Review by Miss Snow |Instagram
About the Authors
Phoenix LeFae is a professional reader, rootworker, teacher, and ritualist. She has been practicing Witchcraft for twenty-five years, and her teachings are connected to the Reclaiming tradition, Druidry, and Gardnerian Wicca. She is also the co-owner of an esoteric goddess shop called Milk & Honey.
Gwion Raven has been a practicing Witch and ritualist with the Reclaiming tradition since 2003. He has taught Reclaiming Core classes, week-long Witch camps, and embodied devotional work. Gwion has studied Druidry as well as Tibetan Buddhism with Ven. Segyu Rinpoche. He co-owns Milk & Honey, and he writes for Witches & Pagans and a Patheos Pagan blog called The Witches Next Door.
About Life Ritualized
With the constant pressure upon us to become something, anything, we may find it hard to connect to our real self.
In the fastness of the everyday, many rites of passage may go uncelebrated, even unnoticed, without a proper ritual.
Life Ritualized guides us on the journey inwards, acknowledging those same rites, breaking them into steps and stages, in a way that will truly bring light into what’s gone unseen.
Both Phoenix and Gwion share personal stories, creating a connection between writer and reader, taking us with them to that particular moment in time.
We don’t talk enough about setting rituals for ourselves, particularly the ones outside the mainstream “wedding/birth/graduation,’ but as the book will tell you, “everyone is in a constant rite of passage”; for example, myself, as I write this, have just moved into a new house, in a new city.
Apart from taking the usual – and mandatory – rules of good manners before moving any personal item, I regretfully realised, as I read this book, that I had not performed a proper ritual, even though it’s not the first time I have moved house, this one carries extra meaning.
Chapter 4, with “Rites of leveling up” and its house blessing rituals immediately fixed it.
In defining the stages that occur with any transition, we become aware that’s it’s always either a calling or a demand, each having their own set of “rules” and the equivalent tarot card, namely, The Fool and The Tower.
Each one is given their own ritual, and of all listed in the book – from birth, adoption, first day on the job, graduation, first blood, becoming a man, calling the coven and many others -, these are the ones that feel most valuable, and that could be celebrated many times over, during our life journey, mainly due to the amount of times a calling or a demand occurs.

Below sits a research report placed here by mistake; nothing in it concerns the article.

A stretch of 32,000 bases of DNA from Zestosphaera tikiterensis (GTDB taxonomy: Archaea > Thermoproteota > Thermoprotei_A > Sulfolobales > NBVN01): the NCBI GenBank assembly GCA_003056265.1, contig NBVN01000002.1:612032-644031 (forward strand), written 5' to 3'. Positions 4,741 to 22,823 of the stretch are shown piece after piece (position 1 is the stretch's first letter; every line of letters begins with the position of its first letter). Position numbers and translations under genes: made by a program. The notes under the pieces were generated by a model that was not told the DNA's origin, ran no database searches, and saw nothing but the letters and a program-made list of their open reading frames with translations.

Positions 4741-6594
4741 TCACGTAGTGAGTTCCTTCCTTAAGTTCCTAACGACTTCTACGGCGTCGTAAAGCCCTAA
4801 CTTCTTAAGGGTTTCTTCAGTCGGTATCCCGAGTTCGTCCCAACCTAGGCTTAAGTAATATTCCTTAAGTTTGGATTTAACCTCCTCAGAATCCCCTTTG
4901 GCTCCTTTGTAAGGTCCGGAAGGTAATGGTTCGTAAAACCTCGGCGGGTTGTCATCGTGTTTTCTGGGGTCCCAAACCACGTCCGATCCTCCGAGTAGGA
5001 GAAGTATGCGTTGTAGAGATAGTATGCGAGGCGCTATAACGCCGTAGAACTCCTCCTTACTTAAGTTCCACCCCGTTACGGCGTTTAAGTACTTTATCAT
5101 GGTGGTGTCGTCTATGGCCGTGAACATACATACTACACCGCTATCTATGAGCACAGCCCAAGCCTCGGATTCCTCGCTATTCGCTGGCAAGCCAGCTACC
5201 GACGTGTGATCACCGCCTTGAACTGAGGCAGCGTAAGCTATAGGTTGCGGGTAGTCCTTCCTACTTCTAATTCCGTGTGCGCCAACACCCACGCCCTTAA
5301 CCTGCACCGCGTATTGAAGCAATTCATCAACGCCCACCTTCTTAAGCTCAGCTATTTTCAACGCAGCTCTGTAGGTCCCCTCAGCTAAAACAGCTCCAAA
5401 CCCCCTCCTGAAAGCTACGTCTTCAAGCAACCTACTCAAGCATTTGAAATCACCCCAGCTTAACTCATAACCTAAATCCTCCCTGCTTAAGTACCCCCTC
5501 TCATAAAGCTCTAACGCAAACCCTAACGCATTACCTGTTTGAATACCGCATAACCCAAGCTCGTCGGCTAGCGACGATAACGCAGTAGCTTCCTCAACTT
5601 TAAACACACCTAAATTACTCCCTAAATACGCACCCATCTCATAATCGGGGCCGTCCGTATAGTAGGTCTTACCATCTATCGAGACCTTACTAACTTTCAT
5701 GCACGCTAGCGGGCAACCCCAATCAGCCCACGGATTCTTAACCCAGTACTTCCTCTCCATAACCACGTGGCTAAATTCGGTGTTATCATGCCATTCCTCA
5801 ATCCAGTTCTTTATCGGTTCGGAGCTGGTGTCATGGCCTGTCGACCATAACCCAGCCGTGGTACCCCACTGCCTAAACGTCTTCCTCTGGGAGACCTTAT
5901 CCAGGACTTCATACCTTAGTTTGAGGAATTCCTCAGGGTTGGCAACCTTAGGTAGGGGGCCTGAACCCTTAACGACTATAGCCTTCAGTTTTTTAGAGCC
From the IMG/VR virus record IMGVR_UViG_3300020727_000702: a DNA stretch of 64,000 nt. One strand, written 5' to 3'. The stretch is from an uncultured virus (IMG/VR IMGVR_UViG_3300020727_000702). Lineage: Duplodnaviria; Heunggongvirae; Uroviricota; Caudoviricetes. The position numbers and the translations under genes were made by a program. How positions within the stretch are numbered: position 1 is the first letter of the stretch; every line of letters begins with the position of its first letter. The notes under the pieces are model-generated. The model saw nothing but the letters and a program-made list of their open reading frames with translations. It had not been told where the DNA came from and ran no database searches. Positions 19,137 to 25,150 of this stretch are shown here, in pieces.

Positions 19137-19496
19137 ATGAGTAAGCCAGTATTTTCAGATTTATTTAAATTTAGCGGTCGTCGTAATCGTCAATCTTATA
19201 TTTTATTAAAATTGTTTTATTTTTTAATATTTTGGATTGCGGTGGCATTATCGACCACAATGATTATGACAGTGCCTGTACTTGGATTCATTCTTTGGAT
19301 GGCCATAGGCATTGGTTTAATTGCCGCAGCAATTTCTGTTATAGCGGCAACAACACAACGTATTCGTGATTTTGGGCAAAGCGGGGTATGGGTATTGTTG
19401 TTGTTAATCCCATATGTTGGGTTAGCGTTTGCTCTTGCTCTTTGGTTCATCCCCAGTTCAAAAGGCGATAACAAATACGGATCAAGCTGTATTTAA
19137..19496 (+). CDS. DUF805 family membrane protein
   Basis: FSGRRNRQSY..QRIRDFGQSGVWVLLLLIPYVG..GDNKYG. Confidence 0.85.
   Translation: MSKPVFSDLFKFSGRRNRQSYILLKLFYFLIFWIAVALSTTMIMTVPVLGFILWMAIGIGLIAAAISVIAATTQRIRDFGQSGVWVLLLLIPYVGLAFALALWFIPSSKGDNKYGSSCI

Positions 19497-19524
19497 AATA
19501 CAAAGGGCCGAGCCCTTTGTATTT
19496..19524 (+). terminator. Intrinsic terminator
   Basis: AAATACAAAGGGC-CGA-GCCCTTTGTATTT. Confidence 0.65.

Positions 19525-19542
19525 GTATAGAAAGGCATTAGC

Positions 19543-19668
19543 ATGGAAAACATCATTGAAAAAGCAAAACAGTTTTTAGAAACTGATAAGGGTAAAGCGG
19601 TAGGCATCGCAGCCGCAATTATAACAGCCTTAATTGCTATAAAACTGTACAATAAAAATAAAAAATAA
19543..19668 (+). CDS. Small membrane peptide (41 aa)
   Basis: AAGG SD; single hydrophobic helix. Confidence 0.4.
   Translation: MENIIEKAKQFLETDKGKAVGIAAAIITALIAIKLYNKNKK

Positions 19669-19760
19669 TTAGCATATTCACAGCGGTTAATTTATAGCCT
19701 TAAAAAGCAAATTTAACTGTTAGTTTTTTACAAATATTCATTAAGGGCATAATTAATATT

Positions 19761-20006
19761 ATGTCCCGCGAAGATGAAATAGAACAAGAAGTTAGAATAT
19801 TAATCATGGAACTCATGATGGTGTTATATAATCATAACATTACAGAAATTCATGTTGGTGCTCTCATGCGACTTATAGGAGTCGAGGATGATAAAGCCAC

It’s also not a ritual that happens on a day, it’s something that is worked on, put aside and returned to later.
It’s the ritual within the rite.
With the stages of the transition defined, knowing what comes after can lift the weight of the unknown, becoming easier to ground ourselves, by being aware of what is happening.
In many cases we are still unable to see or know what’s coming ahead, but knowing where we are, and that plenty of other people have gone through the same is often enough to bring comfort.
“We know the journey you’re on is new, scary, strange, confusing, or painful, but we went through this too.
We made it to the other side.
We’ll wait for you there and celebrate you once you arrive.
You’ve got this, even if you don’t believe that right now.”
For many years, I disliked birthdays, particularly my own, until I read that birthdays are meant to be a celebration of YOU.
Our birthday is not about the people who bring the gifts, it’s the day to celebrate our birth – one of the two rituals that everyone, no exceptions, goes through.
It should be the day around ourselves, what we like, what we really wish to do, regardless of what society or family has deemed appropriate as far as birthdays go.
When reading this book, I became aware of how the birthday ritual was celebrated when I was young and how I had created a new one as an adult, creating a rite of passage for the birthday ritual itself.
By creating rituals, we honour each change in our lives, giving each moment their very own “birthday moment”.
When celebrating my new home, that day was about the house, about feeling its story, making sure it was known I was there for love, adventure and nurturing.
And this goes for any ritual you wish to celebrate, whether it’s found in the book or not, know that the most important rite of passage is the one that is important to you, as Life Ritualized so beautifully states.
Something to learn…
Of all the wisdom in the book, learning about the distinct stages that occur with any transition may just be the biggest take away.
Learn about the 6 steps essential to creating a ritual, from setting an intention to post-ritual activities, and the 4 stages that occur within a transition.
Then, knowing where you are and what you are celebrating, choose from the many rituals listed or create your own, using the corresponding times of the day, week, colours, moon cycles, herbs, stones, and all that may be in alignment with your need.
Something to make…
A journal to keep visual illustrations of the Stages and Steps, along with written rituals, both from the book and future ones you will definitely create after reading Life Ritualized.
The DIY chapter not only gives a list of significant and personal events you may wish to celebrate, but also explains how to create ceremonies for those same moments, and how to add and adjust to them, therefore creating the ritual deserving of the rite you are going through or about to enter.
Life Ritualized may be purchased here.
About Miss Snow:
Miss Snow is a Folk/Green Witch who loves studying the old ways and is currently living on the sunniest side of Europe, nestled between mountains.
She uses the elements of the earth in her magic, working with the moon, herbs, flowers and her trustworthy tarot deck to light the way and fight the dragons.
You can follow the adventures on instagram where she often writes with the assistance of the Muses.